Heparin-induced thrombocytopenia (HIT) is a potentially life-threatening drug reaction to heparin therapy characterized by a decrease in platelet count and hypercoagulability. HIT occurs in approximately 1%-5% of patients exposed to heparin products (including unfractionated heparin and low molecular weight heparin). Heparin normally functions by binding to platelet factor 4 (PF4), which is released by alpha granules in platelets. This binding inhibits PF4's procoagulant function, but, in some instances, this binding can trigger the production of immunoglobulin G (IgG) antibodies specific to the heparin-PF4 complex. These antibodies activate more platelets, which in turn form more complexes, leading to a hypercoagulable state in which either venous or arterial thromboses can occur. Macrophages consume the IgG-coated platelets, which are removed by the reticuloendothelial system, causing thrombocytopenia.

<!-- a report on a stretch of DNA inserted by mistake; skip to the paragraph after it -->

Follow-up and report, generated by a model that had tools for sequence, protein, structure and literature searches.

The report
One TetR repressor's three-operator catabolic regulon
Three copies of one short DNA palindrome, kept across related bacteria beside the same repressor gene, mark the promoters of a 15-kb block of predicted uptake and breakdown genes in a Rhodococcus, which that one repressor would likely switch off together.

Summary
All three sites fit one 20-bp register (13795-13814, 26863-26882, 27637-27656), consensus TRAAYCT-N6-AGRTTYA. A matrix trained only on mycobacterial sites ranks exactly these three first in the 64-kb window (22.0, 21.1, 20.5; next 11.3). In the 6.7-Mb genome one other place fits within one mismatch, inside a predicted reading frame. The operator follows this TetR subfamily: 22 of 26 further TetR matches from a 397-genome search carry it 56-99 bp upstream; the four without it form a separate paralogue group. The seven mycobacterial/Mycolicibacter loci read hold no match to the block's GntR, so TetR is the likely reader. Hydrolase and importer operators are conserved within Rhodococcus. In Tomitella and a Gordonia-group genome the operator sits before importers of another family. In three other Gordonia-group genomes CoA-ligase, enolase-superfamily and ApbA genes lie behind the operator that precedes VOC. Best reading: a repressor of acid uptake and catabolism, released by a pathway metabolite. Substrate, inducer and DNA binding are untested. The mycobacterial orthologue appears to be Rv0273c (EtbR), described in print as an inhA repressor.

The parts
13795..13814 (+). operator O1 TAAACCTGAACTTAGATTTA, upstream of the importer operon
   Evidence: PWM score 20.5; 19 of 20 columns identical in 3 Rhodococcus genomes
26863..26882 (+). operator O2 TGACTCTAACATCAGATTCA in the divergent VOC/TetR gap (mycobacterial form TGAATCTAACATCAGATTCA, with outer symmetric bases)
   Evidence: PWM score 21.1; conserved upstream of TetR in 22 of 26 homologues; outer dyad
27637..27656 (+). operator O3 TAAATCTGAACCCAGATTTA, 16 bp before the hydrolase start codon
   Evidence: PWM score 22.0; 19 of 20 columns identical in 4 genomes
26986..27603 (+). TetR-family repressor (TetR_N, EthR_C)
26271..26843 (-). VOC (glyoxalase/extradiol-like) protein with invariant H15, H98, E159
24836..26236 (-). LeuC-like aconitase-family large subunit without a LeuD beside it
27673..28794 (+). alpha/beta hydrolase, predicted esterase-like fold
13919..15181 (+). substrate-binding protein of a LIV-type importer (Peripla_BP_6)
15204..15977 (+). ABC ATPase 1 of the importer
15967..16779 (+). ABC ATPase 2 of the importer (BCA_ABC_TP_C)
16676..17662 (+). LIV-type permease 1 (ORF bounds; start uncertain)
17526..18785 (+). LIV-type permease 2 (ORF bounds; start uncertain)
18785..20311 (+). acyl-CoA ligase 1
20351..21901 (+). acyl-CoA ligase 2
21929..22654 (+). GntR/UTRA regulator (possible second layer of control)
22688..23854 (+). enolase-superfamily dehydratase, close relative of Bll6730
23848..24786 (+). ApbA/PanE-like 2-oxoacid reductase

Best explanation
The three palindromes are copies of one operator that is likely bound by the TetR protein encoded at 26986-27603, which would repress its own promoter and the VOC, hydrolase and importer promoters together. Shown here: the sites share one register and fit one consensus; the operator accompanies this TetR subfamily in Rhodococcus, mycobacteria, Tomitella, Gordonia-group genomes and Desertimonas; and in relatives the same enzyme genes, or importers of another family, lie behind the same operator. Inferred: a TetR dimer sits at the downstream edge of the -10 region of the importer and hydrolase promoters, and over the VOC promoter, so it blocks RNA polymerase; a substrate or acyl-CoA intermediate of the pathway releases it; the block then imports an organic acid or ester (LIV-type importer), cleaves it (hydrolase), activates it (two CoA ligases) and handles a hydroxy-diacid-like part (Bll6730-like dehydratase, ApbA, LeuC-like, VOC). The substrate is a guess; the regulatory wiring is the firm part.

There are two types of HIT. Type 1 is the most common form and is a nonimmune-mediated reaction in which platelet count will drop soon after exposure to heparin (can be as early as the first day of treatment) but will return to normal once the heparin is discontinued. Type 2 is an immune- or antibody-mediated reaction that takes 5-14 days after the start of heparin treatment to manifest. If a patient has been exposed to heparin and developed antibodies in the past, however, type 2 HIT can develop in the first day of treatment. The patient can develop hypercoagulability with high morbidity (10%) and mortality (20%).
Below is a list of drugs with literature evidence indicating an adverse association with this diagnosis. The list is continually updated through ongoing research and new medication approvals. Click on Citations to sort by number of citations or click on Medication to sort the medications alphabetically.